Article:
Most of the world’s governments were caught unprepared by the pandemic of COVID-19, the disease caused by the novel coronavirus. European leaders and EU institutions have been widely criticized for acting slowly, selfishly, and without sufficient coordination. Yet decisionmakers are confronting an aggressive, totally unknown virus.
Beyond managing the acute emergency, a broader political issue will loom over the March 26 virtual meeting of the European Council: can an EU-level response to this massive crisis prove to citizens that the EU will protect them and show solidarity?
For the time being, governments across Europe are scrambling to cope with the rapid increase in COVID-19 cases despite shortages of trained personnel, equipment, and supplies. Leaders quickly realized that several critical steps in the short-term response belong to the EU rather than national governments, prompting EU institutions to act fast:
- Under the existing “rescEU” mechanism, the first ever European strategic stockpile of medical equipment and supplies has been created, to be managed by the European Commission.
- After initial decisions to confine the use of medical supplies to national markets or to close internal borders within the Schengen Area, the European Commission introduced guidelines to maintain the transport of essential goods, prioritize emergency supplies, ensure equitable and transparent restrictions, regulate health measures, and manage the EU’s internal and external borders.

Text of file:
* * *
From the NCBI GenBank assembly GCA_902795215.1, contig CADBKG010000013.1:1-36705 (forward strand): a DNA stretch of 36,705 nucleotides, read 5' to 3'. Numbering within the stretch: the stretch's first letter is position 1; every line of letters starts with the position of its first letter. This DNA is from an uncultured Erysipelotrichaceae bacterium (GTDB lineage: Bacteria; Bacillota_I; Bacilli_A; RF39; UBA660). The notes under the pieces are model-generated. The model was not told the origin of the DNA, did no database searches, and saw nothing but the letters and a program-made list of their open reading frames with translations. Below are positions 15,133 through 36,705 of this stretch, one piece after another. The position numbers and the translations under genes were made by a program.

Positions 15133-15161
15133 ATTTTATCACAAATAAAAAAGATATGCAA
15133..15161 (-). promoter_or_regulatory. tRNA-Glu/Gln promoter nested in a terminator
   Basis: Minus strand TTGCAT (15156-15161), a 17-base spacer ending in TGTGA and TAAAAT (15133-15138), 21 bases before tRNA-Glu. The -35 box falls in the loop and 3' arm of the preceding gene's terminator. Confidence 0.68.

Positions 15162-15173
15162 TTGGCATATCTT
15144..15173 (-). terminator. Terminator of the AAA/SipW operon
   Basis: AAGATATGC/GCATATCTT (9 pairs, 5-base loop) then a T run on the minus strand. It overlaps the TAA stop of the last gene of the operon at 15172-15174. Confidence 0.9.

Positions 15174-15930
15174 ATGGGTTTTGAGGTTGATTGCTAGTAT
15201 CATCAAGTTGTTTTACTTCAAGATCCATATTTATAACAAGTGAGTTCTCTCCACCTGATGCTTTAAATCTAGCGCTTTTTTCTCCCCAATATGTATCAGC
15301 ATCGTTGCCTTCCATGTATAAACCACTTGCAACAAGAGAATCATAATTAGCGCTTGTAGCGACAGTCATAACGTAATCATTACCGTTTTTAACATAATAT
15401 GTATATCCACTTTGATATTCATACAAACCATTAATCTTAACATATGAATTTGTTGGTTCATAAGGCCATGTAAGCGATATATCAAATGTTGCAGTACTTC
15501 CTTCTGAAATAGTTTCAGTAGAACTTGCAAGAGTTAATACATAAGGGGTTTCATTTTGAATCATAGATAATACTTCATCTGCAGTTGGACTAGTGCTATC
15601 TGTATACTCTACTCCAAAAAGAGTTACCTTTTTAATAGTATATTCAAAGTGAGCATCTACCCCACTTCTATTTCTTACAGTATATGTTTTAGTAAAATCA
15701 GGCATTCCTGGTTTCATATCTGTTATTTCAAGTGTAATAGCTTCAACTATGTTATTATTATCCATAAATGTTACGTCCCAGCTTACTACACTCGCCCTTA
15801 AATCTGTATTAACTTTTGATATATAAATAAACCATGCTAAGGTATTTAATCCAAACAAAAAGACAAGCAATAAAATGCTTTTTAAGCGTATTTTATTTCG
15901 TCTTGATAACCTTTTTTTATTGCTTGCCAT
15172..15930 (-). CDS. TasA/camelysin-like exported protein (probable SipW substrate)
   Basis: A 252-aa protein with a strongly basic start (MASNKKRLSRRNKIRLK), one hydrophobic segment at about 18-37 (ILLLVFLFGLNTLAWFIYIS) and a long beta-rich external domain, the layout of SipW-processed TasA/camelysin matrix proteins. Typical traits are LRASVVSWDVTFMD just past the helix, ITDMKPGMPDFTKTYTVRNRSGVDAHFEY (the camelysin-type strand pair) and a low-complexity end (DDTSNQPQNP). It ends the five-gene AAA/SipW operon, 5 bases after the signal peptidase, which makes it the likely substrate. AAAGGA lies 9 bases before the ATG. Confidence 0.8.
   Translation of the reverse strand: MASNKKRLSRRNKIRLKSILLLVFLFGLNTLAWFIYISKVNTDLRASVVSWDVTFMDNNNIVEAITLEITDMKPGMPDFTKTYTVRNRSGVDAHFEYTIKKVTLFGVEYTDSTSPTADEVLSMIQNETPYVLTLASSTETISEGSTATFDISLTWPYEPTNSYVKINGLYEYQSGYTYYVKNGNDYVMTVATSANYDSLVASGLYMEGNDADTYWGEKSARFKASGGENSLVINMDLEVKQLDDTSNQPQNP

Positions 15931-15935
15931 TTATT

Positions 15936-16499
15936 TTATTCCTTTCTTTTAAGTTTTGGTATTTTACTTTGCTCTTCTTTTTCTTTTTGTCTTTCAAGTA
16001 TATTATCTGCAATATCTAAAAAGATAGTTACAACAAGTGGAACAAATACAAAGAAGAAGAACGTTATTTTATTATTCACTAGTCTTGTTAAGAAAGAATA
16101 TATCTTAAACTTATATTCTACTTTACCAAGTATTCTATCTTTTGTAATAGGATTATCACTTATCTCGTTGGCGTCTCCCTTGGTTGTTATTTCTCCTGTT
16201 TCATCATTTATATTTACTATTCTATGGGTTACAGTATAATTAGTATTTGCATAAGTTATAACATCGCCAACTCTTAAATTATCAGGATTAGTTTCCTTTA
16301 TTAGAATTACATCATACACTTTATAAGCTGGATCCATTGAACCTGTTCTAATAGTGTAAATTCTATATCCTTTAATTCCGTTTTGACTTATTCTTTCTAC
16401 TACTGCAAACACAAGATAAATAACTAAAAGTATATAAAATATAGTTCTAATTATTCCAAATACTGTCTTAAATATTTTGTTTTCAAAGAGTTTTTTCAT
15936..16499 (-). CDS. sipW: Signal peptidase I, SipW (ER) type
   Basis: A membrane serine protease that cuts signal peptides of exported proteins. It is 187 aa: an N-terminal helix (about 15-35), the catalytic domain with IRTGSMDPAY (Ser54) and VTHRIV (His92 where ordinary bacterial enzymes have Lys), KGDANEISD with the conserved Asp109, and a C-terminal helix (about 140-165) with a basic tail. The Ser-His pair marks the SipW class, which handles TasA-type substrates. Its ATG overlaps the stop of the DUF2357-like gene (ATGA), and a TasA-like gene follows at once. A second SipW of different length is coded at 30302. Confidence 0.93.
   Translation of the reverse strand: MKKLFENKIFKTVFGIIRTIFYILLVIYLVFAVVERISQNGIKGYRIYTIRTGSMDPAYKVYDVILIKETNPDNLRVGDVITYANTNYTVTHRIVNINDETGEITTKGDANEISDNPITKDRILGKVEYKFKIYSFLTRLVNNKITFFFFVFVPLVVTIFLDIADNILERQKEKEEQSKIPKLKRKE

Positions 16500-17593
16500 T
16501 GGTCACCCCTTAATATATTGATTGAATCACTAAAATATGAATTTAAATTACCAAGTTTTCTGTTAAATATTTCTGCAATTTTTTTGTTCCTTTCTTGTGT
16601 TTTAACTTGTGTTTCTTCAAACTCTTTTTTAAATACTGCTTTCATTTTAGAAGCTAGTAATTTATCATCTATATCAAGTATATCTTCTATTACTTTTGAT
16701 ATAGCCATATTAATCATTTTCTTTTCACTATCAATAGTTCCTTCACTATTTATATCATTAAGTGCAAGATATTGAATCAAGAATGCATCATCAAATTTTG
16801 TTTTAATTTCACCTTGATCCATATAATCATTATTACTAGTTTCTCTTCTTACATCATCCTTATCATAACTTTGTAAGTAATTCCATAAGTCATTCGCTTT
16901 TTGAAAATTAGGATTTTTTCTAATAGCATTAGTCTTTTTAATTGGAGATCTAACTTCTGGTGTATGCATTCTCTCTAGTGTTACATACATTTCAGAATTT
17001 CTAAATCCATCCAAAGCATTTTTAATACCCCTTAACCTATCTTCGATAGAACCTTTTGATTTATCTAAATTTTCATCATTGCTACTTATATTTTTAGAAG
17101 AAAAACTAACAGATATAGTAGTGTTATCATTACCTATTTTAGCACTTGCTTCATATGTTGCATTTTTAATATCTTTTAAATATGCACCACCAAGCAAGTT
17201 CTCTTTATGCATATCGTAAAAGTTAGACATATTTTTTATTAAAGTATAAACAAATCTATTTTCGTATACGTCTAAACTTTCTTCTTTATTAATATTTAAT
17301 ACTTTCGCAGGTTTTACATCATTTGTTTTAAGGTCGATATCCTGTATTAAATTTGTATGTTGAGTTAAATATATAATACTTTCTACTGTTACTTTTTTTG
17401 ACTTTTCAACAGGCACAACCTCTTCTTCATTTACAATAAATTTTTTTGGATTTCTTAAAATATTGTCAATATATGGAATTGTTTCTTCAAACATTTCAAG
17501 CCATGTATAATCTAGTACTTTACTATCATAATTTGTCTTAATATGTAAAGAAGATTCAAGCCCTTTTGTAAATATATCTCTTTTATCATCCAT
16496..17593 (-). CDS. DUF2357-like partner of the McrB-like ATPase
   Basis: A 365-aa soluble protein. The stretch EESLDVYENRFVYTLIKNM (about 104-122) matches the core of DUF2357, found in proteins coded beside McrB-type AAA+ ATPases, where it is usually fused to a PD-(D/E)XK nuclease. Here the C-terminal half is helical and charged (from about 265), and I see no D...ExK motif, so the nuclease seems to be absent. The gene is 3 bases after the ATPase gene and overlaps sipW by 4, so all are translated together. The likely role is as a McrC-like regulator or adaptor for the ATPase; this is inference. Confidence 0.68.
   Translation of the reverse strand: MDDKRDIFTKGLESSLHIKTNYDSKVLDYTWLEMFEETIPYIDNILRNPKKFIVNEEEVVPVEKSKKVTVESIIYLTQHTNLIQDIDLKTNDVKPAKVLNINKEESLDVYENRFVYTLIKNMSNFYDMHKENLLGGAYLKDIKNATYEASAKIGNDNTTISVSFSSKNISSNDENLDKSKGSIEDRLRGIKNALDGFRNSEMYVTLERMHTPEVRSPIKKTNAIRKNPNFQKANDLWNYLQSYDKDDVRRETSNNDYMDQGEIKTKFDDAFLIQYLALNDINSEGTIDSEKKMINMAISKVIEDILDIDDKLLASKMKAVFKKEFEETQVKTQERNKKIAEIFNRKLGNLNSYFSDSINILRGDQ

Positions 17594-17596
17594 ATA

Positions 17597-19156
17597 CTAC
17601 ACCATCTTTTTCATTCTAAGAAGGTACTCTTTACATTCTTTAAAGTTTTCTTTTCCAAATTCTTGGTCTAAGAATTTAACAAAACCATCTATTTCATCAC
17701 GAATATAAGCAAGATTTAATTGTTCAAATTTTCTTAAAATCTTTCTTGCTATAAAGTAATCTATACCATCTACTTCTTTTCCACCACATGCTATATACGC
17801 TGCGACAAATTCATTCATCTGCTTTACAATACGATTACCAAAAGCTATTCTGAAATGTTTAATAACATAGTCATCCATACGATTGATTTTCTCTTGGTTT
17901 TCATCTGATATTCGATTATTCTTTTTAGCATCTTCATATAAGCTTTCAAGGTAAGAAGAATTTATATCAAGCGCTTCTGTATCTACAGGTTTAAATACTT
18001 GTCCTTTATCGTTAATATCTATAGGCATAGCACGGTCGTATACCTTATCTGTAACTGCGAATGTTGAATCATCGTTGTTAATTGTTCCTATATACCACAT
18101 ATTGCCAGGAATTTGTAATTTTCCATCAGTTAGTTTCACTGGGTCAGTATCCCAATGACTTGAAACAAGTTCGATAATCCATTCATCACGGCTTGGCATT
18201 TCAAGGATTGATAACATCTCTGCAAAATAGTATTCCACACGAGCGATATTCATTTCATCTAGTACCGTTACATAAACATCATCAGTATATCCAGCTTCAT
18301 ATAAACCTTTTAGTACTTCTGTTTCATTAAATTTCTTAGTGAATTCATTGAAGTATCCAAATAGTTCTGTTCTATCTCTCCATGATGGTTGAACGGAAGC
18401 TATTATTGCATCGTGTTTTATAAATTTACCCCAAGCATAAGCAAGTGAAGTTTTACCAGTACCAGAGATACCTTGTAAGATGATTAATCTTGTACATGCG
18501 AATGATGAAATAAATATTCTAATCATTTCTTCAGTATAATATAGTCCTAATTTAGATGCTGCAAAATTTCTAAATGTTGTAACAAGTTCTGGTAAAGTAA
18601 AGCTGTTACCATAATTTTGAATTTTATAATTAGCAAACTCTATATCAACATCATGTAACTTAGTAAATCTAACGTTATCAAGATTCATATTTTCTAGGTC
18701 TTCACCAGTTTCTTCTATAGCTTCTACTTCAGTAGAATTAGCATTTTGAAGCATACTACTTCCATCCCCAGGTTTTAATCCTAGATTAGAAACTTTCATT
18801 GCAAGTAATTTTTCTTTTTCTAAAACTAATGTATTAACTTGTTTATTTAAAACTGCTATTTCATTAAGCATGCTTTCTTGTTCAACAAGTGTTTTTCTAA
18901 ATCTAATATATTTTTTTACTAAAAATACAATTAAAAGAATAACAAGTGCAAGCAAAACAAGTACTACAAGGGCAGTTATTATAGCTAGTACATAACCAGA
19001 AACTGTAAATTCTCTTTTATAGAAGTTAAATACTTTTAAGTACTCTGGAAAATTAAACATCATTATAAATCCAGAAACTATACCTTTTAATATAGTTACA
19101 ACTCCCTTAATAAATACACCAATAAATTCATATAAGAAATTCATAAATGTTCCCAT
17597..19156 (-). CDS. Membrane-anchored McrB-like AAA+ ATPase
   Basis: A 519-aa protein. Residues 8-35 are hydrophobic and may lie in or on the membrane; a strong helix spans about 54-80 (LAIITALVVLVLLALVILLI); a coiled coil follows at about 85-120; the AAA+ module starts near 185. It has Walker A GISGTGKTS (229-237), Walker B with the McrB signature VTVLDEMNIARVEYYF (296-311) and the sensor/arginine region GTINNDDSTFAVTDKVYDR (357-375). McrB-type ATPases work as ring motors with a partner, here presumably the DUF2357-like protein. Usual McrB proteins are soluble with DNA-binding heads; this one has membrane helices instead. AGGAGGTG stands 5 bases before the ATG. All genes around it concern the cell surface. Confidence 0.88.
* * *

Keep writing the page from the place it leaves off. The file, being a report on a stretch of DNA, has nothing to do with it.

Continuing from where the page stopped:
- State aid in the EU is now subject to a temporary framework that will help member governments cope with massive economic shock by providing financial support to their business sector “while limiting negative consequences to the level playing field in the Single Market.”
- Other measures are drawing on EU budget resources to support the businesses sector through the European Investment Fund and the European Globalization Adjustment Fund. There are also measures to redirect €37 billion ($39.8 billion) under the “cohesion policy” to support EU governments.
- The European Central Bank announced a massive €750 billion ($807 billion) Pandemic Emergency Purchase Program to increase purchases of public sector securities.
- The European Commission relaxed fiscal discipline rules, announcing for the first time ever that it was triggering the “general escape clause,” which will remove for the duration of the coronavirus crisis the requirement that member states keep their budget deficits below 3 percent of their GDP.
Overall, these measures show a strong willingness to preserve the essential pillars of the EU edifice despite the colossal impact of the virus on citizens, businesses, and states.
A Historical Perspective
COVID-19 is barely comparable to any of the world’s major crises in recent memory, including the terrorism wave that started in September 2001, the financial crisis of 2007–2008, and the refugee crisis of 2015–2016. Evocations of the Spanish flu of 1918–1920 do not help much: today’s EU citizens are immensely better informed about developments and therefore expect a strong and immediate response from their leadership.
In Europe, the strenuous efforts since 1950 to build peace, security, and rule of law through multiple treaties and common policies have raised expectations with regard to a higher level of protection. The EU is seen as a last-resort mechanism when national governments are overwhelmed.
The timing of the highly disruptive COVID-19 crisis raises the political stakes. It arrives after a decade marked by the emergence of populist and nationalist parties whose leaders express open hostility to European integration and a preference for policies that exclusively serve a nation’s own citizens. COVID-19 may present an opportunity to promote these nationalist narratives, scale back the scope of EU policies and, in some cases, combat crisis-related measures on the basis of fake narratives.